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Challenging the Public Administration Status Quo

The views expressed are those of the author and do not necessarily reflect the views of ASPA as an organization.

By Michael R. Ford
July 9, 2018

In a recent piece, Alasdair Roberts used the 50th anniversary of the Minnowbrook conference as a frame to present some thoughtful critiques of, and suggestions for improving, the public administration (PA) field. Roberts concludes his piece by calling for those in the field to challenge the current system. Roberts’ insights spurred some debate in the Twitter-sphere and has me thinking about some of the major challenges facing PA and the ways scholars can work to improve the current system.

First, there are obvious and longstanding issues that must be mentioned. These include the academic/practitioner divide, the big question vs. small question debate, the appropriate role of theory, the scope and diversity of the profession and issues of research relevance and accessibility. But more interesting to me are questions of tribalism, inertia and isomorphism in our methods and thinking.

I will start with the uncomfortable question of whether the very idea of the Minnowbrook conference is elitist. It is ironic that something that began as a radical group challenging the status-quo is an invite-only gathering. By definition, such a gathering will be populated by well-connected scholars. To paraphrase Bob Dylan’s heckler in Don’t Look Back, many of us are just a little noise and should not be shocked that our invites are not coming. And that is ok. It is meant to be a gathering of top scholars and the organizers have every right to invite who they want using the criteria they want. I assume most readers here do not invite strangers to their barbeques.

Some of the consternation about the conference is a reflection of the divide between the haves and have nots in our field. Simply, some universities have resources such as travel support and research funding, and some do not. It is a divide within academia that is not a reflection of academic PA specifically. The potential danger, however, is that this divide will morph into a tribalism in which we dismiss the work and ideas of scholars based on their affiliation or connections within the field. Indeed some may already feel this tribalism exists today. There will always be scholarly networks but it is important that they exist to facilitate the pursuit of knowledge rather than to stifle it.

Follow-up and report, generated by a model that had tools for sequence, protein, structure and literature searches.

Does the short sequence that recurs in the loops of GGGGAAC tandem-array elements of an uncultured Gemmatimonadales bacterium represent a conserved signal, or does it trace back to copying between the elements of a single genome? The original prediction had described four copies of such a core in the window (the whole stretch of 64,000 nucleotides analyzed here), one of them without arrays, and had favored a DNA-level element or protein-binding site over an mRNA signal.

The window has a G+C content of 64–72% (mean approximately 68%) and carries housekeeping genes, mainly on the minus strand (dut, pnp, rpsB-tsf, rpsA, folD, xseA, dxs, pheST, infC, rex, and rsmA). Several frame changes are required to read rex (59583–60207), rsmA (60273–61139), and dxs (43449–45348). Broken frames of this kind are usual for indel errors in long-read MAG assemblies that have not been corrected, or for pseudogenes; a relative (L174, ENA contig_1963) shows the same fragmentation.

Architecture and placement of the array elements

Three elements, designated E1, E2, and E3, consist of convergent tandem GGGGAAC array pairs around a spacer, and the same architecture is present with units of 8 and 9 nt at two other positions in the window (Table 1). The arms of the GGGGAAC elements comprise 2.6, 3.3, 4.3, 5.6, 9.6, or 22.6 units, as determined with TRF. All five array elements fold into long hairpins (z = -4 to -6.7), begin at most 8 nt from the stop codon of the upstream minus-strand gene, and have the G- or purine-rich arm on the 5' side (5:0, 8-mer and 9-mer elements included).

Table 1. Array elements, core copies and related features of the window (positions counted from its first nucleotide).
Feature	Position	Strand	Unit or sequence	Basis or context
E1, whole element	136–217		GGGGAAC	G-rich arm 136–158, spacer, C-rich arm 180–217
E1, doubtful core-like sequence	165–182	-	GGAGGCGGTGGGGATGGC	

Thankfully there are many things the PA community can do to challenge the existing system and the potential problems it brings. First, individuals should not be threatened by elites or stifled by gatekeepers. There are so many venues to present and publish research at and in that not getting a spot at a specific conference or space in a specific journal need not be a problem. As a mentor told me in my first year, if you conduct quality relevant research, people will eventually take notice, regardless of where it is published. Second and related, scholars should actively work to expand their networks in atypical ways. For example, reach out to authors when you see a journal article you like, propose a collaboration with a junior scholar and mostly just be open to stepping outside your comfort zone.

In the classroom, the obvious action is to revisit syllabi to ensure students are exposed to a diversity of voices. Do not stick with one journal or traditional volume of PA classics. Instead branch out to find emerging classics that challenge traditional viewpoints and voices. Better yet, assign work that challenges your own methodological tendencies. Aside from opening your own eyes it will ensure the next generation of scholars are exposed to more than you were. This is not to suggest ignoring established texts crucial to the development of PA. Rather, it is a call for creativity in and frequent updating of course material.

From a structural standpoint we must continue conversations about what accreditation of MPA programs can look like. My own program lacks the funding support and faculty numbers to pursue NASPAA accreditation. In fact, no program in my state has the luxury of pursuing accreditation. Personal bias aside, it is unhealthy for the field when measures designed to ensure content coverage and appropriate pedagogy are reserved for only well-resourced universities. I am encouraged to hear others in the field discussing this issue.

Public administration is a field that often appears obsessed with itself. A glance at the titles of our most famous texts or even at an ASPA conference program reinforces the perception of an inward looking field. This is not a bad thing, but rather a reflection of the constantly changing needs and values of the public served by those of us working in PA. As such, a little bit of self-reflection is healthy and necessary. Some will reflect at Minnowbrook, some at other formal gatherings like ASPA and its regional conferences, and some at home. Wherever your party happens to be, it is both possible and necessary for PA scholars to work to realize the essential pillars of efficiency, economy, effectiveness and social equity.

Michael R. Ford is an assistant professor of public administration at the University of Wisconsin – Oshkosh, where he teaches graduate courses in budgeting and research methods. He frequently publishes on the topics of public and nonprofit board governance, accountability and school choice. He currently serves as the president of the Midwest Public Affairs Conference. He can be reached at [email protected].

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